Not long ago I was behind a Piper Saratoga at the same altitude—6,000 feet– and flying the same course. The controller asked each of us for our airspeed. The Saratoga pilot reported 170 knots which is what was showing on the airspeed indicator in my Baron. Actually it was 172 or 173 knots, but I rounded down to 170.
Our responses were clearly making no sense to the controller who asked again, and got the same answer from both of us. A Saratoga is a fine piston airplane, but is substantially slower than the Baron. The controller was watching me gain on the airplane ahead and trying to figure out how to keep us apart. He could assign me a slower airspeed to maintain separation, but he needed to know each of our airspeeds in order to issue an effective speed restriction to me.
I was reporting indicated airspeed to the controller which is what controllers want when they ask for your airspeed. The Saratoga pilot was possibly reporting his groundspeed, or perhaps an optimistic estimate of true airspeed, or maybe even the cruise speed he read in a brochure for the airplane. But we were not both indicating the same airspeed.
Airspeed comes in several forms including indicated, true and calibrated. In real life flying we care about indicated airspeed because that’s what makes the airplane fly, and true airspeed, because that’s how fast we move through the air. And controllers only want us to report indicated airspeed because that is the value that keeps airplanes apart.
Indicated airspeed is the air pressure recovered by the pitot tube. This air pressure—called Q—is the air flow that the wing and tail of the airplane experience, and it is that air pressure that provides lift, and controllability. Calibrated airspeed is indicated airspeed corrected for errors in the pitot-static system due to location of the ports on the airframe. In most airplanes the calibrated and indicated airspeeds are quite close together so as pilots we don’t need to be concerned with calibrated airspeed except, perhaps, when using the alternate static system where errors can be significant.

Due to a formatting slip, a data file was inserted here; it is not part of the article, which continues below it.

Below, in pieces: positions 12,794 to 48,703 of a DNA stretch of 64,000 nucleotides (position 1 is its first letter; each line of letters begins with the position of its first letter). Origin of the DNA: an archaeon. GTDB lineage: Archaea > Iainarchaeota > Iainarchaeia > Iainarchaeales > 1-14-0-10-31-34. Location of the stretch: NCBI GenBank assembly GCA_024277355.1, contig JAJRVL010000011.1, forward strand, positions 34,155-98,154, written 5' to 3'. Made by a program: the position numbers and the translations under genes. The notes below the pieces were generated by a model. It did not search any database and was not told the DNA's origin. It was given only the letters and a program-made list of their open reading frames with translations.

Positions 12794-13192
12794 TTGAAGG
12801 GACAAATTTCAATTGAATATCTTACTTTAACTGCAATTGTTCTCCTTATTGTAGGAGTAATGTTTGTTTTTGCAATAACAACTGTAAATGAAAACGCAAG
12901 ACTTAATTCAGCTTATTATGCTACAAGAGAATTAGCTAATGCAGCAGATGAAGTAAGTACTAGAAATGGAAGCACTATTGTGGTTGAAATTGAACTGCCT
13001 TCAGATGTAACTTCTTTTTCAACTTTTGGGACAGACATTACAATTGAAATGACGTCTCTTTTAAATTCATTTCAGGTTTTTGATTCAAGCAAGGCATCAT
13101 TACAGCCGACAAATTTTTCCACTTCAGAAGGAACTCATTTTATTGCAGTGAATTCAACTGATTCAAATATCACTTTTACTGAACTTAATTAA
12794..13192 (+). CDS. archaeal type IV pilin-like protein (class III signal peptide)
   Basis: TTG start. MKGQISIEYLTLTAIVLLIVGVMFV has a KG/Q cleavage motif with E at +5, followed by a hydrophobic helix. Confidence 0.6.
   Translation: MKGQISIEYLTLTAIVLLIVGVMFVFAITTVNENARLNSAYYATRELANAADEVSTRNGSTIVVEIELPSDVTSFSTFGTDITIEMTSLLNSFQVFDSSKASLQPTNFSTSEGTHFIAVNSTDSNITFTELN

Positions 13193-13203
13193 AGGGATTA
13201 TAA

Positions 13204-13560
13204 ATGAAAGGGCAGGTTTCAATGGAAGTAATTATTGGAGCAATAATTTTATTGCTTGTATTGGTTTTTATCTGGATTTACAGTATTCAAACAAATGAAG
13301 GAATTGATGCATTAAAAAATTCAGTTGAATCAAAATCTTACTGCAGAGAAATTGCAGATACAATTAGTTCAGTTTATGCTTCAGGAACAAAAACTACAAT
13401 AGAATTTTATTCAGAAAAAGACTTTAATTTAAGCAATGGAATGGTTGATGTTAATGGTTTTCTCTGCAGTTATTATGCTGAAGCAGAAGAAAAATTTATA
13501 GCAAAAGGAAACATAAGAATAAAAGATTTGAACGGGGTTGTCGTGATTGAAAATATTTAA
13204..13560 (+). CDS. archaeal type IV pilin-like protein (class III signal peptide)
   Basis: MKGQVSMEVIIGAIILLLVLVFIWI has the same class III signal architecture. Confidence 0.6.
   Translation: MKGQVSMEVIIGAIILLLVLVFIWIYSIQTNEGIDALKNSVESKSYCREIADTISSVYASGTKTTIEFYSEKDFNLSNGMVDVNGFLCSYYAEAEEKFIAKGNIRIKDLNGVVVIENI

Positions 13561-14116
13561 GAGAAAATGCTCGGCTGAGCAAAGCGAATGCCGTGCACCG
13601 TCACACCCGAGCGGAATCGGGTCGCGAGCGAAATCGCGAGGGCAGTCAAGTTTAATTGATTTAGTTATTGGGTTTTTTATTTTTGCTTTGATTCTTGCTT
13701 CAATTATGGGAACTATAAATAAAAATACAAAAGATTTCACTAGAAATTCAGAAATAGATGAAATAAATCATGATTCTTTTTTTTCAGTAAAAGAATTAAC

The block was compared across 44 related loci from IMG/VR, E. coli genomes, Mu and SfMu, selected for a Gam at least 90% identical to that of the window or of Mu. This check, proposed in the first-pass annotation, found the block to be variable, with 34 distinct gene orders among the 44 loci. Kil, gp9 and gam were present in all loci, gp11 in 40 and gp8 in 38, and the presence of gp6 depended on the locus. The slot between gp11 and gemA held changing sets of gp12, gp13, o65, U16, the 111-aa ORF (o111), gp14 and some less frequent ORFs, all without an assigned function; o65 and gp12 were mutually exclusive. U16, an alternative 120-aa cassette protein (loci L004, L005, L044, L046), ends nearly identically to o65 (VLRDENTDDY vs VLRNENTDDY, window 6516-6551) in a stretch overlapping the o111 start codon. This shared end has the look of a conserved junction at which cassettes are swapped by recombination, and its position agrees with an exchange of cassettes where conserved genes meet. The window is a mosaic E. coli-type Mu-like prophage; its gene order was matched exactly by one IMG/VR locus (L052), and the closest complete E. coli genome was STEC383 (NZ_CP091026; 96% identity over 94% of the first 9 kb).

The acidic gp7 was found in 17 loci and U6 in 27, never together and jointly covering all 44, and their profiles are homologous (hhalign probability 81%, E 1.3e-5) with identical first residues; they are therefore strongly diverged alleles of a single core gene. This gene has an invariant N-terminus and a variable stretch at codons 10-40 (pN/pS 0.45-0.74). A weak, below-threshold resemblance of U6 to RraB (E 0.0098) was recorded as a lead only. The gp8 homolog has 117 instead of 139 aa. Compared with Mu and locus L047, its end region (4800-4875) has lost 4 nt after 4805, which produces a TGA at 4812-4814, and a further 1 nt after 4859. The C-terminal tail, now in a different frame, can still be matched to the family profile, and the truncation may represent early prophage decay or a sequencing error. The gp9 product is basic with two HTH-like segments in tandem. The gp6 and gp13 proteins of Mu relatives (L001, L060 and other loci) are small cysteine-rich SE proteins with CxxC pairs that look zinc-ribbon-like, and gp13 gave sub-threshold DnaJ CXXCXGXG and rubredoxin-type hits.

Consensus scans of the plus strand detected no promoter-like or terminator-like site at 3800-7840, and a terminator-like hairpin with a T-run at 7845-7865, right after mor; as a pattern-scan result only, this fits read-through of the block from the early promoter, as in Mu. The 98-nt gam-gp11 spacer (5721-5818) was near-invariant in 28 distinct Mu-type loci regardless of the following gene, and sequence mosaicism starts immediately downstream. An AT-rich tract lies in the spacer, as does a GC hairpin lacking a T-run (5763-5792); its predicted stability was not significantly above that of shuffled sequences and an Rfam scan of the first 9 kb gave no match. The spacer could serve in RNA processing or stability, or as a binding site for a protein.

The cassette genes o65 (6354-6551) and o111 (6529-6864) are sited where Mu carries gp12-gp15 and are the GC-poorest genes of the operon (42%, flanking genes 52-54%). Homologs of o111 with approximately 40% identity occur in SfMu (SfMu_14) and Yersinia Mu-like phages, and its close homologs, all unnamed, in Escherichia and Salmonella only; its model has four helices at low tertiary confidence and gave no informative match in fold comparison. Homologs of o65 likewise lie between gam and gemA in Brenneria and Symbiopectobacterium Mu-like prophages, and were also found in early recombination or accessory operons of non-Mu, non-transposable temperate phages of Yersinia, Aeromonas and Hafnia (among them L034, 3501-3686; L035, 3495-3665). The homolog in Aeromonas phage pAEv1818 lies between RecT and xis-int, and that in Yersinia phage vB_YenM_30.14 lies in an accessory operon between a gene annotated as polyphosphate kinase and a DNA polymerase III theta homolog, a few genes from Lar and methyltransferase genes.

Indicated airspeed only equals the true airspeed when the conditions are standard day temperature with sea level air pressure. Any change from ISA (international standard atmosphere) up or down increases or decreases the true airspeed compared to the indicated. At high altitude the difference between indicated airspeed and true airspeed can be huge, as much as 200 knots or even more. In the non-oxygen altitudes for piston airplanes true airspeed is typically 10, 20, 30 or so knots faster than indicated airspeed. The warmer the air temperature the greater the spread between indicated and true airspeed at a given altitude.
The reason we reference indicated airspeed when maneuvering, or taking off or landing, is because it is a consistent measure of the airflow available to create lift. For example, if you are taking off or landing at a high elevation airport on a hot day the airplane needs to fly at the same indicated airspeed as when it is at lower elevation airports. But at the hot and high airport your true airspeed—and thus your groundspeed on the runway—will be much faster than at a lower airport so you need more runway.
The reason controllers only want us to report our indicated airspeed when they ask for our airspeed is because they only care about relative airspeed between the airplanes being separated. Our true airspeed doesn’t matter to a controller because airplanes he is separating are on the same altitude so the difference between indicated and true will be the same. If both pilots maintain the same indicated airspeed the gap between them will not close.
So, indicated airspeed is what we fly by, and what we tell controllers. True airspeed is what we need to know to flight plan effectively. And that brochure speed is what we need to have at hand for those post flight discussions over a beer.